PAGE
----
Who is Responsible for Wellness?

In a world where a growing proportion of society wants everything “now”, marketing gurus will offer anything and everything to answer that demand, promises of wellbeing included. However, while some of their claims are based on fact, years of practice and modern science and technology, many are gimmicky, some have completely unsubstantiated claims or are even complete falsehoods, and can lead to yo-yo results that do nothing for anyone’s long-term health.

How do we recognise what works and filter out what doesn’t?

There is much uncertainty about what to believe. If we sit back and digest it all it becomes obvious there is no one solution for everyone; what works best for you may not work for the person standing next to you.

Ultimately it is you who is responsible for your own health and wellness. You can defer your responsibility and blindly accept the advice of others, or blame them for where you are at, but if you proactively seek both knowledge (while accepting that a little knowledge will only highlight how little you actually know) and also seek qualified health and wellness professionals to pursue your goal of personal wellness, you are likely to be on the right track.

In this uncertain world that track will be wind through a number of different solutions. Of course, you do not have to agree with them all, but when armed with information you can consider the options and, providing you are living your own truth, make an informed decision.

Just Google it!

The Internet has become a major tool in our education, making everyone an armchair doctor and a purported expert. They accept the written word without researching the bigger context or even considering if it is really relevant to their own health.

Who are we kidding? We all know that Internet content is largely unregulated, and yet many believe information “because I saw it on the internet”, regardless of how farfetched or unrealistic the claims are.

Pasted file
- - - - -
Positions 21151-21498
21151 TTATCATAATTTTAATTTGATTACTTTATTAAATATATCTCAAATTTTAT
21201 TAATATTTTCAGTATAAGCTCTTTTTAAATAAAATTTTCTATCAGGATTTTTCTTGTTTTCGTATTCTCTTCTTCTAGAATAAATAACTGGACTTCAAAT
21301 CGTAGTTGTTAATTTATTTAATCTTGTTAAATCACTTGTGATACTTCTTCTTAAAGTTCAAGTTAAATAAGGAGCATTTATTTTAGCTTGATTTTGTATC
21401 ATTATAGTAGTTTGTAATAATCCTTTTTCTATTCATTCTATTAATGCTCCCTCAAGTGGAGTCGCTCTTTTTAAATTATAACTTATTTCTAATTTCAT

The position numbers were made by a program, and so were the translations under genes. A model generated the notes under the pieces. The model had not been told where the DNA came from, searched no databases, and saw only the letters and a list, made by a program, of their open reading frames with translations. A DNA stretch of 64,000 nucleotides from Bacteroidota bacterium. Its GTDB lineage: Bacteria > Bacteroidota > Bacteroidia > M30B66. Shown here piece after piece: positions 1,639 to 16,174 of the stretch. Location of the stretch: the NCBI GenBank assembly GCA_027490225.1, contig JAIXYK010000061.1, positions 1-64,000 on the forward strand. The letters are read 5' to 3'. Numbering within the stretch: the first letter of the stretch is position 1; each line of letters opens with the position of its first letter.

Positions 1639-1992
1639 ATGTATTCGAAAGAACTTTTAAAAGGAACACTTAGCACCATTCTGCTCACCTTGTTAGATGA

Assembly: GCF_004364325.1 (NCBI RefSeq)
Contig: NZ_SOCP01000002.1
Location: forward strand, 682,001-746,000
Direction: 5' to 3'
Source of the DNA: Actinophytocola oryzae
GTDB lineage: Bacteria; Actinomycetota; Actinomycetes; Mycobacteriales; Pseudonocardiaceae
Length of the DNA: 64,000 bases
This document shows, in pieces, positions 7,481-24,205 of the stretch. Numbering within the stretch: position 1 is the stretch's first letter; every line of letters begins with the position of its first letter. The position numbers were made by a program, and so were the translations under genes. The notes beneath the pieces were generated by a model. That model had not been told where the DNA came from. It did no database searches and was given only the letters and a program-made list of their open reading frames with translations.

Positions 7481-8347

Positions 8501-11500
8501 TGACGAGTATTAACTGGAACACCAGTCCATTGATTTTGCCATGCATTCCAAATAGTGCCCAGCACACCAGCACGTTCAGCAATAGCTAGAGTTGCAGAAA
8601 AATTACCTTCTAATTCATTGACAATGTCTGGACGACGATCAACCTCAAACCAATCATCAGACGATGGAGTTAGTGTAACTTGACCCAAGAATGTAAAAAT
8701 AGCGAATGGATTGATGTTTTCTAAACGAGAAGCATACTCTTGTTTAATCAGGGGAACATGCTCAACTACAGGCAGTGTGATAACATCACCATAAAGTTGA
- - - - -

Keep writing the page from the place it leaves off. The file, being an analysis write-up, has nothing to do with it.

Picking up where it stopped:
Is the spa and wellness industry the answer?

So where does this leave the spa and wellness industry, when globally it has been so slow in defining who we are and what we represent?

While we may have a solid foundation in traditional medicines and healing waters, the industry has often adopted external beauty as a scale of its success, or failure. There is more research to be done on the traditional therapies we practice, even those practiced under state sponsored medical programs, so we can better prescribe appropriate and truly beneficial treatments.

We often rely on the creativity of those in product companies’  sales and marketing departments for information. But, despite their scientific tests, surely they are by nature biased? Many, from consumers to government regulators, blindly trust them and accept their claims of hydrating, anti-aging, toning, detoxifying, firming, whitening, tanning and slimming without question.

Are instant results realistic or possible?

Deep down, isn’t it clear that few of the ills caused by years of poor or ill-informed decisions can be corrected in one hour? And yet we still demand instant results. Surely we need to tailor our expectations, and understand that the results of years of bad habits cannot be corrected in an hour. It takes time to achieve health and wellbeing, just as it takes time to achieve ill health.

If it is not physically possible, then why do we demand it, and why do we allow our clients to demand it?

While we need to find out own realistic paths to wellbeing, is it also in part the responsibility of the spa and wellness industry to focus on consumer education and provide sustainable wellness? Long-term solutions can be supported by occasional short-term ‘pick me ups’, but the treatments promising instant results should be recognised as unsustainable and marketed accordingly by the industry. After all, when we grab for quick positives, they inevitably are followed by fast negatives.

And so the yo-yo train leaves the station.

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